The Misguided Governor Dayton’s Position on Taxes
I’m still shaking my head over a recent opinion piece in the Star Tribune by Roger L. Hale, “The Governor’s budget won’t send businesses scurrying.” Hale has served as either CEO or a director for five highly regarded local companies: St. Paul Companies, Valspar Corporation, Donaldson Company, U.S. Bancorp, and Dayton Hudson (now Target Corporation). While his experience is impressive, I’m guessing it is exactly the reason he does not understand how a tax increase proposed by Gov. Dayton will hurt many small- and medium-sized businesses in our state.
We may not “scurry” if our taxes go higher, but we will likely have to pull back on expanding our businesses, hiring more employees and even building new facilities. It doesn’t take a Fortune 500 CEO to know that this will have a negative ripple effect on many others in our state.
This is not a personal attack on a venerable leader of Minnesota’s business community. But to my knowledge, Hale never personally founded a company or had to sign his name on legal documents stating he was risking all of his personal and family assets for the sake of his business. This is the reality of risk for a small business owner like me. I personally back every business loan or significant obligation for Intertech. If the business goes down, I’m agreeing that I’m personally on the hook. Banks and other institutions won’t loan, borrow, lease, etc., without that personal guarantee.
So what does all of this have to do with a possible tax increase?
The whole personal versus business tax debate has been simmering for a long time and still is largely misunderstood by most. Every year, I personally pay taxes on the profit of my firm, regardless of the cash I take out for personal use. As an example, if my firm makes $500K and I issue a dividend to take $10K for personal use, I’m taxed on $ 500 K not on $10K.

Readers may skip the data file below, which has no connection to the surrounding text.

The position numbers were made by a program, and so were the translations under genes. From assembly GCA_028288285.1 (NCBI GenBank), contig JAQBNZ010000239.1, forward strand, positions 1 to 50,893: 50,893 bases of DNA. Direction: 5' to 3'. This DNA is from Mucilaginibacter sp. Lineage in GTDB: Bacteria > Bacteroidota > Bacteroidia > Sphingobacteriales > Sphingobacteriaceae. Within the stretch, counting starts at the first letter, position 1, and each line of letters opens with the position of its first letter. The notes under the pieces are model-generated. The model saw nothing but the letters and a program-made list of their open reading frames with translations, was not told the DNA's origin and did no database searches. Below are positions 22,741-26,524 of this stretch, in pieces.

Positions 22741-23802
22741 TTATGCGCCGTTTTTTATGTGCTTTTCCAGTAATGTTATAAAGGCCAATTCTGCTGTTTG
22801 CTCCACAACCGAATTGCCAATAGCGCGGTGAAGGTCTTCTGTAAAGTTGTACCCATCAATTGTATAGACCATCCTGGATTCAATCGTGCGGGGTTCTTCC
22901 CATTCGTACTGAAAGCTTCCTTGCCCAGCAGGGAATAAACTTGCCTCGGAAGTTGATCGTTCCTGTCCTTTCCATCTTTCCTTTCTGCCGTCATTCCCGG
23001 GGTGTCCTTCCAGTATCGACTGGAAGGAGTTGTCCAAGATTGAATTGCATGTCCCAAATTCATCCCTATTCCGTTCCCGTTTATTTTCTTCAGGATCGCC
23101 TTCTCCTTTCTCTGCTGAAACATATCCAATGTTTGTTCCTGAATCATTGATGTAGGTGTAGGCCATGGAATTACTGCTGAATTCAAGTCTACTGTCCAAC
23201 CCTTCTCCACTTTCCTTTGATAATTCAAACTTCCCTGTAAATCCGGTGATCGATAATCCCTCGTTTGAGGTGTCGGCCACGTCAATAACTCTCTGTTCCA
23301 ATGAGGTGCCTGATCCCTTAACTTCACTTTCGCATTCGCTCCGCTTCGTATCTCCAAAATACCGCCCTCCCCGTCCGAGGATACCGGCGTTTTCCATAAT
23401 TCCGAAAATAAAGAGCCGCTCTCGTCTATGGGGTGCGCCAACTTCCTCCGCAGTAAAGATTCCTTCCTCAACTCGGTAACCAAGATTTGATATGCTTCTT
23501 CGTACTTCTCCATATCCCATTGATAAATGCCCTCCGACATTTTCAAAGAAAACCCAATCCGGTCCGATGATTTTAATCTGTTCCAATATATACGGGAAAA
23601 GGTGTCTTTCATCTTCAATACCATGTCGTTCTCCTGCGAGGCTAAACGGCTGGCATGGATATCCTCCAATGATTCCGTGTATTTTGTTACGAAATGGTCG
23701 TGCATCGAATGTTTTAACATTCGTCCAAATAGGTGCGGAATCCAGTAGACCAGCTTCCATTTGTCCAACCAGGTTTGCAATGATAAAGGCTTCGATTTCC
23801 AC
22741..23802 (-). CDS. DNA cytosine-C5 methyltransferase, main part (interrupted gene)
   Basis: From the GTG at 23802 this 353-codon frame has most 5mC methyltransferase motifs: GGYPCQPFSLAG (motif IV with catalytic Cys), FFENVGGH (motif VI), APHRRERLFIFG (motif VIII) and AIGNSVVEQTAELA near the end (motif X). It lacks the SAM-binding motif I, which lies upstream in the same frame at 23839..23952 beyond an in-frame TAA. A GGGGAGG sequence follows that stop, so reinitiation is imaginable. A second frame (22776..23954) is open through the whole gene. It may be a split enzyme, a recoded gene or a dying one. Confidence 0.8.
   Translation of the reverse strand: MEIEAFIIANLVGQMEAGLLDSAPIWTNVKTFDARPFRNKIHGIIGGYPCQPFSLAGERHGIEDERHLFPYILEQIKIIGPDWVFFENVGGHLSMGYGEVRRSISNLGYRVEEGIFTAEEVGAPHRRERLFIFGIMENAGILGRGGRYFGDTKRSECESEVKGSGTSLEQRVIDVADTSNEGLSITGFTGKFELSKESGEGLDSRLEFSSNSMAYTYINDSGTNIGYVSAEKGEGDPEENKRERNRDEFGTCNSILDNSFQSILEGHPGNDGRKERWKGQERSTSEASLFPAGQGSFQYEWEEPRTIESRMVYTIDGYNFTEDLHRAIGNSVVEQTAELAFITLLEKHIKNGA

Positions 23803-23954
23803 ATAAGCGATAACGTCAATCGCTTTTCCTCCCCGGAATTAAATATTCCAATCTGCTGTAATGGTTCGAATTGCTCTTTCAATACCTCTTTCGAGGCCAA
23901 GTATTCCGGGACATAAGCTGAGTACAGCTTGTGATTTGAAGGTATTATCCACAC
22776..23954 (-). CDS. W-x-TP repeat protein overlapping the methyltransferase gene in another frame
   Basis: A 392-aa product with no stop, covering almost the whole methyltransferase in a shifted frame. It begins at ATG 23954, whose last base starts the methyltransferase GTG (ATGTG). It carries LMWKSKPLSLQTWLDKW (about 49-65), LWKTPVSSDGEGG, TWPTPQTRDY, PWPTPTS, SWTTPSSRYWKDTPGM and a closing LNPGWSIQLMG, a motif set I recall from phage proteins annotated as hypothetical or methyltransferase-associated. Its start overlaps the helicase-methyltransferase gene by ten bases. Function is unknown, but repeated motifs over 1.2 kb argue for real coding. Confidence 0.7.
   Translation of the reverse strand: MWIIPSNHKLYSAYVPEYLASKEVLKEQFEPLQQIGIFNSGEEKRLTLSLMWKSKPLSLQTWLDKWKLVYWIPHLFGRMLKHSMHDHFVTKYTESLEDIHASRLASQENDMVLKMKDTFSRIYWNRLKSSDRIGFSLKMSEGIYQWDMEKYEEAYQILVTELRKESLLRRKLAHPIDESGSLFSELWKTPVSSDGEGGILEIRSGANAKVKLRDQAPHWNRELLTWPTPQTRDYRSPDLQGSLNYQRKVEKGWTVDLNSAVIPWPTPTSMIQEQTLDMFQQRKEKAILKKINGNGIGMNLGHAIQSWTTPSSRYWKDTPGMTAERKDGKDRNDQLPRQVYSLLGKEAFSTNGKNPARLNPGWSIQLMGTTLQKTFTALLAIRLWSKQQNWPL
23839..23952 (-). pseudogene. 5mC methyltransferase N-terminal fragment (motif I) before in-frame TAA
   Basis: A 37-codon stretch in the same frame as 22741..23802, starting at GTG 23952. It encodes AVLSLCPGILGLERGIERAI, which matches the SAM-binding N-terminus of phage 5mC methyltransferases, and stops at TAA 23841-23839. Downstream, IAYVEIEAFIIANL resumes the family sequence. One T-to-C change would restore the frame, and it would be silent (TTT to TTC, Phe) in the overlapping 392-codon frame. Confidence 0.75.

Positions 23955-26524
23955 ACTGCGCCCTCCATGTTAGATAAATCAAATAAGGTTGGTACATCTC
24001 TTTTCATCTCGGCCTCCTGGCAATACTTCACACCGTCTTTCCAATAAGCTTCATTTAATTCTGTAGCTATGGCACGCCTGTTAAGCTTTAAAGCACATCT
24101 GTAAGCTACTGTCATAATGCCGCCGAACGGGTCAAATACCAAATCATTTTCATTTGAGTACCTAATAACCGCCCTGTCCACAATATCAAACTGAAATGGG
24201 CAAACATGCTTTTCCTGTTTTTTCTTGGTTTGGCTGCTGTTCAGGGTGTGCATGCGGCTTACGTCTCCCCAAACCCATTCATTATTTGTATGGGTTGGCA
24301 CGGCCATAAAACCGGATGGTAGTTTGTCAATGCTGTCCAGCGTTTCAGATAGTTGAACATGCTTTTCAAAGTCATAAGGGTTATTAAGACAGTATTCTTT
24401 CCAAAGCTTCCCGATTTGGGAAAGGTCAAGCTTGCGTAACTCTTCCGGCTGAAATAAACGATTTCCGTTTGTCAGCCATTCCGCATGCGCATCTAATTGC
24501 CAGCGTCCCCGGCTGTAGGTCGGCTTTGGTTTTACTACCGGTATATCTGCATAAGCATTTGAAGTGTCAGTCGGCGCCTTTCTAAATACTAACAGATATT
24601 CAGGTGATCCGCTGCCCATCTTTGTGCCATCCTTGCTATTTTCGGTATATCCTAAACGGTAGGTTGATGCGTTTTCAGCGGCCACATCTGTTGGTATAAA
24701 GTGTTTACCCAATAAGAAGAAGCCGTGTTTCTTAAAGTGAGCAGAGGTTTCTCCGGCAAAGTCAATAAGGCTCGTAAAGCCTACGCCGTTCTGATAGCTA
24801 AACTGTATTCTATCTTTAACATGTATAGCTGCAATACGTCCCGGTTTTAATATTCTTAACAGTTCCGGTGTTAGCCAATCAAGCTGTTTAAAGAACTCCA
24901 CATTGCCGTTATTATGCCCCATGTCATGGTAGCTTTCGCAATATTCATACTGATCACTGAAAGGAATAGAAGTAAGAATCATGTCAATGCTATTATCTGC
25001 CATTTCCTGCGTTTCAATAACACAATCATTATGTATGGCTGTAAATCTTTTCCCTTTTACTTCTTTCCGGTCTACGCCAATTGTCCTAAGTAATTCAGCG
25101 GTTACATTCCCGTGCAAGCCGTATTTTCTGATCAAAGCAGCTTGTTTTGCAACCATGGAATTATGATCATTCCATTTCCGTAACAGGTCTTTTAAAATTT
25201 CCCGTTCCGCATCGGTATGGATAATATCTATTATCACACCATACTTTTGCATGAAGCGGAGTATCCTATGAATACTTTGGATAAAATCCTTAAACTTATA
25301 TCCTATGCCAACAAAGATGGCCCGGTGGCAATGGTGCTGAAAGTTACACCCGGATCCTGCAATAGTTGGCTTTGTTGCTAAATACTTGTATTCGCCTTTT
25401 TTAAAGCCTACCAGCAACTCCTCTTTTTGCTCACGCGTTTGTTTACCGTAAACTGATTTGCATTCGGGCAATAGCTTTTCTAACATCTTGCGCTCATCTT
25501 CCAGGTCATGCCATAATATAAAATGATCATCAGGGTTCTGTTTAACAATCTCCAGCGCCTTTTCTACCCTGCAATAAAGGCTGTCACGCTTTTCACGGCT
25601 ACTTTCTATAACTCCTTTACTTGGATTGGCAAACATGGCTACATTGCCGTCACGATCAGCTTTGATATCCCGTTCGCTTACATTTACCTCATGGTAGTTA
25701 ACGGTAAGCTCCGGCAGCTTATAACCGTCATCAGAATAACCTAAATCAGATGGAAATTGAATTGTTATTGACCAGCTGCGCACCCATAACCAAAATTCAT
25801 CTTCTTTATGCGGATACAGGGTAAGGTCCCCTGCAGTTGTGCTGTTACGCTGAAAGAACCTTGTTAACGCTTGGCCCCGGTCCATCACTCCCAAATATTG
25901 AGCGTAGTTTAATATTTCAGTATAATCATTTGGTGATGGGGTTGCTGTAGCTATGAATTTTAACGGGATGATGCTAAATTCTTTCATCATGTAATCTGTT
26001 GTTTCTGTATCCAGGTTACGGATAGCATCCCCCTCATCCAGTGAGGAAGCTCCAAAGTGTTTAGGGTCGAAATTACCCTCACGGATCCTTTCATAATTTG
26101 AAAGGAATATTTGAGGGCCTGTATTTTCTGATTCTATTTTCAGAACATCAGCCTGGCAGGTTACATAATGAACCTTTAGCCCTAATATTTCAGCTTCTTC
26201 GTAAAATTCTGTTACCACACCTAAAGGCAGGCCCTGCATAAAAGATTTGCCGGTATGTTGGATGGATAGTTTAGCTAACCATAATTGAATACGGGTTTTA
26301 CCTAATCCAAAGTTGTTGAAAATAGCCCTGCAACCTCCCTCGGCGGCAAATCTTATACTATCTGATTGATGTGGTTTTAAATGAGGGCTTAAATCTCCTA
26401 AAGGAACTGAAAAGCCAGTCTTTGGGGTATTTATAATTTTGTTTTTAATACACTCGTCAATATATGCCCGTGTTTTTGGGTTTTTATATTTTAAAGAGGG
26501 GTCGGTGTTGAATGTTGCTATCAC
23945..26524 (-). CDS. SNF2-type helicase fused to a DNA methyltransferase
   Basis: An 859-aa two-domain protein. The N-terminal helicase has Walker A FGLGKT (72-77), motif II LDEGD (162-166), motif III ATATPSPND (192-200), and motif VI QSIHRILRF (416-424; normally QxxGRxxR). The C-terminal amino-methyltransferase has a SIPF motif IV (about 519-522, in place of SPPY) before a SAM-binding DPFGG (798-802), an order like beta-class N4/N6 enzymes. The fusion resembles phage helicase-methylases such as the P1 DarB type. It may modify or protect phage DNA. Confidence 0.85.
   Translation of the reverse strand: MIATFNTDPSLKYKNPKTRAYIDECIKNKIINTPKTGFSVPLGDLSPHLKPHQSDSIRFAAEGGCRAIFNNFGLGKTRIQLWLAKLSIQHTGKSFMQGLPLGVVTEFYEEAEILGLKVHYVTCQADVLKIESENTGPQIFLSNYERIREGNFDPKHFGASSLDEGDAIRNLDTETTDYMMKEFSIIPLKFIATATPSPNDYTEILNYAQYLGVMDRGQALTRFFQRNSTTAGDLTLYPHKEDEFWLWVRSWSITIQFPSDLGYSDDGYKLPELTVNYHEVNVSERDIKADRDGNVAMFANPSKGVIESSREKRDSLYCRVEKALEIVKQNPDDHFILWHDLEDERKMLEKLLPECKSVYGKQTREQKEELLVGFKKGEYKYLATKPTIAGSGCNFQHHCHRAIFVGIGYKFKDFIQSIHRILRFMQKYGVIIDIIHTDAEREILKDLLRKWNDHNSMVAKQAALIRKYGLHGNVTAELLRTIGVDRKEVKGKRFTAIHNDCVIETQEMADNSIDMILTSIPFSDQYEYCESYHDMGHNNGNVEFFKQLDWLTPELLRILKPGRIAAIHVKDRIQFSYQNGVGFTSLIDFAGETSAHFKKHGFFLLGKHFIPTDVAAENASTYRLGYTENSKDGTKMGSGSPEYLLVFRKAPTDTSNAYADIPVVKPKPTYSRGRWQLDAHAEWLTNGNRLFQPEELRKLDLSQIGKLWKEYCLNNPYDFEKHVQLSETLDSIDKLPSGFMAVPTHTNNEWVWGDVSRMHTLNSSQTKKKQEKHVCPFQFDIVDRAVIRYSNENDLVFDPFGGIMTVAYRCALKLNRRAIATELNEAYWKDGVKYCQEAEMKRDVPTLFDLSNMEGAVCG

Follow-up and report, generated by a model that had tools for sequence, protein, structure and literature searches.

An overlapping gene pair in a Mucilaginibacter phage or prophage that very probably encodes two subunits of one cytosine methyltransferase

This is important because with my business and personal finances completely intertwined, when I must pay even higher “personal” income (i.e., business) taxes it reduces the amount of money left to reinvest in Intertech.
Most entrepreneurs feel the same way. We’re not selfish money hoarders or greedy fat cats sucking every dime out of our businesses to bankroll a luxurious lifestyle. Rather, we invest in our firms, we care about our people, and we care about and give to the community. When we are able to invest everyone wins due to the multiplying effect (http://www.cnmi-guide.com/info/essays/economics/33.html).
Taxes are one of the biggest expenses we have as a firm and we pay them without (too much!) complaint because we know that taxes help keep our community strong and that benefits us too. But Governor Dayton, Roger Hale and others leading this tax increase debate should be cautious. Minnesota’s entrepreneurs and small business owners cannot help jump- start our tepid economy if all or most of our revenue must go for taxes!
This is not an academic policy debate for me. Intertech is growing and we’re adding to the tax base by hiring new people and buying new equipment. We’re also close to buying a building and engaging a distressed industry—construction—to finish it. If our taxes go higher I’m not sure how much of this will be possible.